Conditioners and filtration systems installed in specific spots in the house — typically where water is used for drinking and cooking — are popular purchases at AJ Madison, a high-end appliance store based in New York, said Jessica Petrino, its editorial director. Bennett cautions, though, that although filters remove minerals from water, they won’t affect hardness; to change hardness, you’d need to buy a softener. Several trade groups offer certifications for both products and the technicians who install them.
Prices for whole-house systems vary based on the brand and the size of the home, but they can range from about $1,000 to more than $4,000, plus installation and upkeep; units connected to one faucet generally cost $200 or more.
If hard water is causing problems for you, it may become apparent over time, with appliances and pipes not working as well as they used to. It could also show up suddenly in the form of hard mineral deposits or stains.
Hard water can cause sediment and limescale to build up in water heaters, making them work harder. That can increase utility bills. Sherrill recommends yearly maintenance on your water heater, including draining it and checking that it’s running smoothly. Khiel also suggests replacing or cleaning out a heater’s nodes — the detachable compartments where water is stored — to aid with excess mineral buildup. (For this, Khiel suggests calling an experienced plumber.)
Cloudy glasses or mineral bits stuck to dishes are unsightly, but limescale buildup can also interfere with your dishwasher’s ability to do its job, said Erin McDermott, senior communication manager at Neighborly, a Waco, Tex.-based firm that owns home-service companies. She recommends running loads with Lemi Shine Dish Detergent Booster ($4.99, lemishine.com), which can be used while dishes are inside, or using Glisten’s Dishwasher Magic Machine Cleaner ($4.18, Lowe’s) when it’s empty for a deeper clean. Petrino said some dishwashers come with built-in water softeners, but units that have them generally cost more than $1,000.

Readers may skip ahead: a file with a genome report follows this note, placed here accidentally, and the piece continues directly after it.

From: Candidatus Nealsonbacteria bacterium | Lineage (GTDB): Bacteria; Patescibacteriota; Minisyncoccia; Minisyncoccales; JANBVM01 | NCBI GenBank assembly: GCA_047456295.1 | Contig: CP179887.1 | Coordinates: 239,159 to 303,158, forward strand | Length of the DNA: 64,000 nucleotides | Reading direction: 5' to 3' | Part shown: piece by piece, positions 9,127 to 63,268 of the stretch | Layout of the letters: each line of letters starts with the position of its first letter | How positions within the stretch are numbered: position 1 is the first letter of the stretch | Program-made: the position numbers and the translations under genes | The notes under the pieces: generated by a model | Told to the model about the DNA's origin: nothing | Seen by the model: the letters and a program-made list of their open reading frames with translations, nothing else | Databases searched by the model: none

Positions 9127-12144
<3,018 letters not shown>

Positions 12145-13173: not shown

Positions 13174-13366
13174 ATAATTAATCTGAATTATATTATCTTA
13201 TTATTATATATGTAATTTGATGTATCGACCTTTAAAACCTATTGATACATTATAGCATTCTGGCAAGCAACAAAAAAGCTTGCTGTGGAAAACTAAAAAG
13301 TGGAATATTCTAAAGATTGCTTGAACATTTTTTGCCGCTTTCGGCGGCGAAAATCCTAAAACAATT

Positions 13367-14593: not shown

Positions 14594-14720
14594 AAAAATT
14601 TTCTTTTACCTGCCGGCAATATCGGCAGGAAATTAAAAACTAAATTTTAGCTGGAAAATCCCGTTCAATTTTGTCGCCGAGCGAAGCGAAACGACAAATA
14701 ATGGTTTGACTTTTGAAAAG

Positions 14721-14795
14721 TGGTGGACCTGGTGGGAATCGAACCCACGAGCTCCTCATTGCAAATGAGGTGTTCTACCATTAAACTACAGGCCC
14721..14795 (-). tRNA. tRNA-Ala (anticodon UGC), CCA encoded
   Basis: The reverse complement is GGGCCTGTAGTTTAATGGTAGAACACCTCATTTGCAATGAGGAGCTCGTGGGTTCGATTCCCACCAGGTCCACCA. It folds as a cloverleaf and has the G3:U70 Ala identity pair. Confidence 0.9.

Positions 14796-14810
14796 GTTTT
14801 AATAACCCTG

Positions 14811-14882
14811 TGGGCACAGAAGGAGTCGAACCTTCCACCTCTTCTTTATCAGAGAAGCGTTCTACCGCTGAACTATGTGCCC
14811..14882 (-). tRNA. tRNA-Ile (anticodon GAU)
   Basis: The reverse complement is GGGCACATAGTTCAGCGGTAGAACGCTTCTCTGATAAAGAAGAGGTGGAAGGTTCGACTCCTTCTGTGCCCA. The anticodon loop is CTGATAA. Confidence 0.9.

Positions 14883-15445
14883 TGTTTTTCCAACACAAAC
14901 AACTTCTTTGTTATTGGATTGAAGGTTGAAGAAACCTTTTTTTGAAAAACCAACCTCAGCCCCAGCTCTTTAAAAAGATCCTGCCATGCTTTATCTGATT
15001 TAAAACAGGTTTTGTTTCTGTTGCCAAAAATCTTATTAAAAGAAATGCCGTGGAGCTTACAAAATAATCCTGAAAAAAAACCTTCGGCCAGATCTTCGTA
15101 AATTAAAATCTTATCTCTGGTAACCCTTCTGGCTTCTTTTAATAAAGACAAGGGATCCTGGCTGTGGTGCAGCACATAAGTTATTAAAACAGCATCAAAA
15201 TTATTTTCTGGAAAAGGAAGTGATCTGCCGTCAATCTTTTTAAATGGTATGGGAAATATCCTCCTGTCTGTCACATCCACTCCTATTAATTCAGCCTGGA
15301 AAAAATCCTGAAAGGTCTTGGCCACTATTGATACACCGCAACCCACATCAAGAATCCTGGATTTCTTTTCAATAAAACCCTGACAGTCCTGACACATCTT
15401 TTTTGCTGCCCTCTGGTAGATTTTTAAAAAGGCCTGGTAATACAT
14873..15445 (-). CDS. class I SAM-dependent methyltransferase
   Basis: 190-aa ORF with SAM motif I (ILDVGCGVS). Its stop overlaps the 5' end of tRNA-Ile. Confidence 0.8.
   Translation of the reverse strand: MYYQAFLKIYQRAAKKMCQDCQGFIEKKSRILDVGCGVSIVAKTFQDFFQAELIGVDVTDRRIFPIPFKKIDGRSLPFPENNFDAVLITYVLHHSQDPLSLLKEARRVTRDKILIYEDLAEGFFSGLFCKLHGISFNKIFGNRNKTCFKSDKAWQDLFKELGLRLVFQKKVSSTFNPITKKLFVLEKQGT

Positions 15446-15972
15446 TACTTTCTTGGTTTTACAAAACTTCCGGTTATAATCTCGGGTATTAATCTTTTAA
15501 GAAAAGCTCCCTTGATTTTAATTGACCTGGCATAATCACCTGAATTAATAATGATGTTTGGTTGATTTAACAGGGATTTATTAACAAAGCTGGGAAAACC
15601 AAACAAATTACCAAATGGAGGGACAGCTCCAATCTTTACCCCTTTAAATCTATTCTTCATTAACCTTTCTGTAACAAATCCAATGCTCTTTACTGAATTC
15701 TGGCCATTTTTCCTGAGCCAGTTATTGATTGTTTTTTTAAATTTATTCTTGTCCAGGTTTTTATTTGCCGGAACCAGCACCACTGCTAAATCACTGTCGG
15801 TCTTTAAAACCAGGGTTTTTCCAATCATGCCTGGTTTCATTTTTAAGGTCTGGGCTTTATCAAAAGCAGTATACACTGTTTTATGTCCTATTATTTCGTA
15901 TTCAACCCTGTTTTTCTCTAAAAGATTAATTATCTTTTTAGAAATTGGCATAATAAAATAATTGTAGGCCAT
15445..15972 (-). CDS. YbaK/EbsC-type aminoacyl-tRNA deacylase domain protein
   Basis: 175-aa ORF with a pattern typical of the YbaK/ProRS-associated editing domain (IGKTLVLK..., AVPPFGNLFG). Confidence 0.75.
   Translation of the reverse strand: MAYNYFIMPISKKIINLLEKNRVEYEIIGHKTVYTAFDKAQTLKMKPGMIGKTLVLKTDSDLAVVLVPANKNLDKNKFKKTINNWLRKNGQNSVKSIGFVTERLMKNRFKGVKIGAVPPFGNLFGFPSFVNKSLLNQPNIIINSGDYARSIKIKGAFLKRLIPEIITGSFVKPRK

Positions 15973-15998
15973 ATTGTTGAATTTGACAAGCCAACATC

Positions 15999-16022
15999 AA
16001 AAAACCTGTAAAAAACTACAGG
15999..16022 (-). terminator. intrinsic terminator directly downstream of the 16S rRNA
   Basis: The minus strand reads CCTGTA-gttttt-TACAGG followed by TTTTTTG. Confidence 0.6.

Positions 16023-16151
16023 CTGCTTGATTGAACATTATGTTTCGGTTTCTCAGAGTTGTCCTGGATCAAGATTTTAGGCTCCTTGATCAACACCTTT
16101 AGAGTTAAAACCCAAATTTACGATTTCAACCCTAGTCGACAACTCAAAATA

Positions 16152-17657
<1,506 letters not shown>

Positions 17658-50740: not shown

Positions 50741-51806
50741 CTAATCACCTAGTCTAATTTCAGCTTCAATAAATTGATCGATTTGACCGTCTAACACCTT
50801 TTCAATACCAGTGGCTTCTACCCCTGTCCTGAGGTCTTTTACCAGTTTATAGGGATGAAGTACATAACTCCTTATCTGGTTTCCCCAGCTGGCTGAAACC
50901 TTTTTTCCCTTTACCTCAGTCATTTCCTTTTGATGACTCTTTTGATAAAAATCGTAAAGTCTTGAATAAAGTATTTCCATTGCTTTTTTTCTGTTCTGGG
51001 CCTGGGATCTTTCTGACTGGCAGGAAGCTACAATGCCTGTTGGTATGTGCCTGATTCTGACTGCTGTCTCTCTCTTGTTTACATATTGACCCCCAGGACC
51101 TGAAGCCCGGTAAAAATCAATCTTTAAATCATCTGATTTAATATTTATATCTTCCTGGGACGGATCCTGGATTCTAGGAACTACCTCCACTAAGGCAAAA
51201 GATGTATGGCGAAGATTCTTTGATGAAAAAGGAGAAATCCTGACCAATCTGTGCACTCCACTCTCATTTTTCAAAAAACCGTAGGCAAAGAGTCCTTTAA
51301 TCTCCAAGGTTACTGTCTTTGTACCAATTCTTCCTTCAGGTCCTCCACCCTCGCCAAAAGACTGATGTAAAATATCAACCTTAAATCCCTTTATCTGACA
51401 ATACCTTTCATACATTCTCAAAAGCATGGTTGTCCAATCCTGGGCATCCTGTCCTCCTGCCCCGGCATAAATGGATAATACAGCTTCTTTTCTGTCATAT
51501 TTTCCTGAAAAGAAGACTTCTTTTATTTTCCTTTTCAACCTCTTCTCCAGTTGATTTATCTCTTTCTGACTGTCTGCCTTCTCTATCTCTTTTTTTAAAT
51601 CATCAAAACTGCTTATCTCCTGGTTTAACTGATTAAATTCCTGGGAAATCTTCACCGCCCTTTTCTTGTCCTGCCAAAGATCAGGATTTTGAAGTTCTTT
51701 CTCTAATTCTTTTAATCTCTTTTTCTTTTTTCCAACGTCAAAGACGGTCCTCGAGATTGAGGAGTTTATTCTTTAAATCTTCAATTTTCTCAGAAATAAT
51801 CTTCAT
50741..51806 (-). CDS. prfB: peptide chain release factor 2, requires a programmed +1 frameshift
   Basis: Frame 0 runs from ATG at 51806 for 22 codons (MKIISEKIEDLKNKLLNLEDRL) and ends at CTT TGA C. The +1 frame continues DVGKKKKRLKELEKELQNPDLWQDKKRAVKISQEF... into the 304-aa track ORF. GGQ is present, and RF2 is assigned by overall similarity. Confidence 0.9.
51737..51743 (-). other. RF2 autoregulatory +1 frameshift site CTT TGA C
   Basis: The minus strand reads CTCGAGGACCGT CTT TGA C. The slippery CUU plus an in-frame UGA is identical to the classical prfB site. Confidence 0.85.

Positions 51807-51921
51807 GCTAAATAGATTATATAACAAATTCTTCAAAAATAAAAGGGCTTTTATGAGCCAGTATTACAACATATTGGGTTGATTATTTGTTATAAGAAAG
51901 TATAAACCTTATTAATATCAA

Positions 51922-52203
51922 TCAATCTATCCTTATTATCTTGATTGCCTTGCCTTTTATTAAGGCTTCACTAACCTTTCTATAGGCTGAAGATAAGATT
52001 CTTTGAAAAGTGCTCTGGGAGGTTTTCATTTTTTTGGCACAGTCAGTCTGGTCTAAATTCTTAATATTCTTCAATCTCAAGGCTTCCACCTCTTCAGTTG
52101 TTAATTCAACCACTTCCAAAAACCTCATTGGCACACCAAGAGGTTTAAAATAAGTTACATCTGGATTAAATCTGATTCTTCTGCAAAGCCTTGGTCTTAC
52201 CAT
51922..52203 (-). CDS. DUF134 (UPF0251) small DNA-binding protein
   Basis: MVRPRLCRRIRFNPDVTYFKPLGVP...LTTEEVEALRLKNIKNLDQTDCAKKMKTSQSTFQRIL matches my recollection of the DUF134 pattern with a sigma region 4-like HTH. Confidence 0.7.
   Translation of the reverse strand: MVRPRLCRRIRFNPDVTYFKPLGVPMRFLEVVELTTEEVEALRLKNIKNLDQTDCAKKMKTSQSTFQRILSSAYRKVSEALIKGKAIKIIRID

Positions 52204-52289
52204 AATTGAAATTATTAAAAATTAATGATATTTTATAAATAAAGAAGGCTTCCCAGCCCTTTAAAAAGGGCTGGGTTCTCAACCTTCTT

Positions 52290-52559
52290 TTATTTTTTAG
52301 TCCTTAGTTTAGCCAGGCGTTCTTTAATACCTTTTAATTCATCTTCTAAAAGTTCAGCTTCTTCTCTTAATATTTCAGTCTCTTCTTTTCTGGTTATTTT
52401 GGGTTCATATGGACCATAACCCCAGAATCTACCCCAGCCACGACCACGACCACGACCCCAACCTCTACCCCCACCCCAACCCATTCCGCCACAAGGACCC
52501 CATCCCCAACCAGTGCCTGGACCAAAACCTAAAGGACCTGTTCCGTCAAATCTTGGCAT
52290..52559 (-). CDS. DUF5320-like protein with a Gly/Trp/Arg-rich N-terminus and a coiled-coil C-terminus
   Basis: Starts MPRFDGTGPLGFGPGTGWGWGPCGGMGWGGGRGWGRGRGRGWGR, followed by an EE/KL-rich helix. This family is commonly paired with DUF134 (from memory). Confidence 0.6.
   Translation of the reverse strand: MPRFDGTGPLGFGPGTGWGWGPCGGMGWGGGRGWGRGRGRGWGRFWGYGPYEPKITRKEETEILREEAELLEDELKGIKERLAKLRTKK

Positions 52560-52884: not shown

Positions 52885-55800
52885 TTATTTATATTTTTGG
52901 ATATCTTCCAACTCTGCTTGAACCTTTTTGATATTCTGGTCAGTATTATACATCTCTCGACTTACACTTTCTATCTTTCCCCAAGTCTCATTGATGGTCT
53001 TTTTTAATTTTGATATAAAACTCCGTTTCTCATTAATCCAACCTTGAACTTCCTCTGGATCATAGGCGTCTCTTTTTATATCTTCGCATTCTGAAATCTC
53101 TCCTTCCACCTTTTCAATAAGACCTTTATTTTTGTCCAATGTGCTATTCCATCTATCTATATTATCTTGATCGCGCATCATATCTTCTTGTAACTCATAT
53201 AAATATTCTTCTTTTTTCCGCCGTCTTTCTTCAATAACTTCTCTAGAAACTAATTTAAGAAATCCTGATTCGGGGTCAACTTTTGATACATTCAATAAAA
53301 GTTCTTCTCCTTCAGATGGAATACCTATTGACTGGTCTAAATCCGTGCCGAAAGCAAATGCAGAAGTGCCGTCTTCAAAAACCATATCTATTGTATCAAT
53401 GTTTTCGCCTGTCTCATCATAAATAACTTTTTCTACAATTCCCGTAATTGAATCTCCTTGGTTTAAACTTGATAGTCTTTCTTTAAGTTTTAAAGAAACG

Hard water also can complicate laundry day. It can coat the inside of the machine’s tub with deposits and make it harder for detergent to lather. Khiel suggests running a cleaning cycle with two cups of distilled white vinegar once a month to remove deposits and reduce odor. It can also help to use a liquid detergent instead of a powder. Adding a half-cup of Borax to a load of laundry can also help combat hard water.
Stains in sinks and toilet bowls are not as problematic as appliance damage, but they are an eyesore. McDermott says distilled white vinegar is a regular part of the stain-removal arsenal at Molly Maid, Neighborly’s cleaning service. “It’s nontoxic, doesn’t stain and it’s not super corrosive,” she said. She also recommends Mr. Clean’s Magic Eraser ($4.49 for a pack of two, Amazon).
And to remove deposits from faucets and other surfaces, Khiel and McDermott suggest pouring enough vinegar to submerge the faucet head in a plastic sandwich bag and securing it with a rubber band. Leave it to soak for 15 minutes to an hour, then wipe the faucet. Use a clean rag or old toothbrush to remove remaining residue. The same trick works for shower heads. Rinse with distilled water to avoid creating more deposits.
For windows and shower doors, McDermott suggests gently buffing the stains with a rag and an oxalic acid cleanser, such as Bar Keepers Friend ($7.85, Amazon). And Rain-X’s Shower Door X-treme Clean ($11.62, Amazon) will help “put some time in between cleanings” by creating a surface where water will slide off, she said.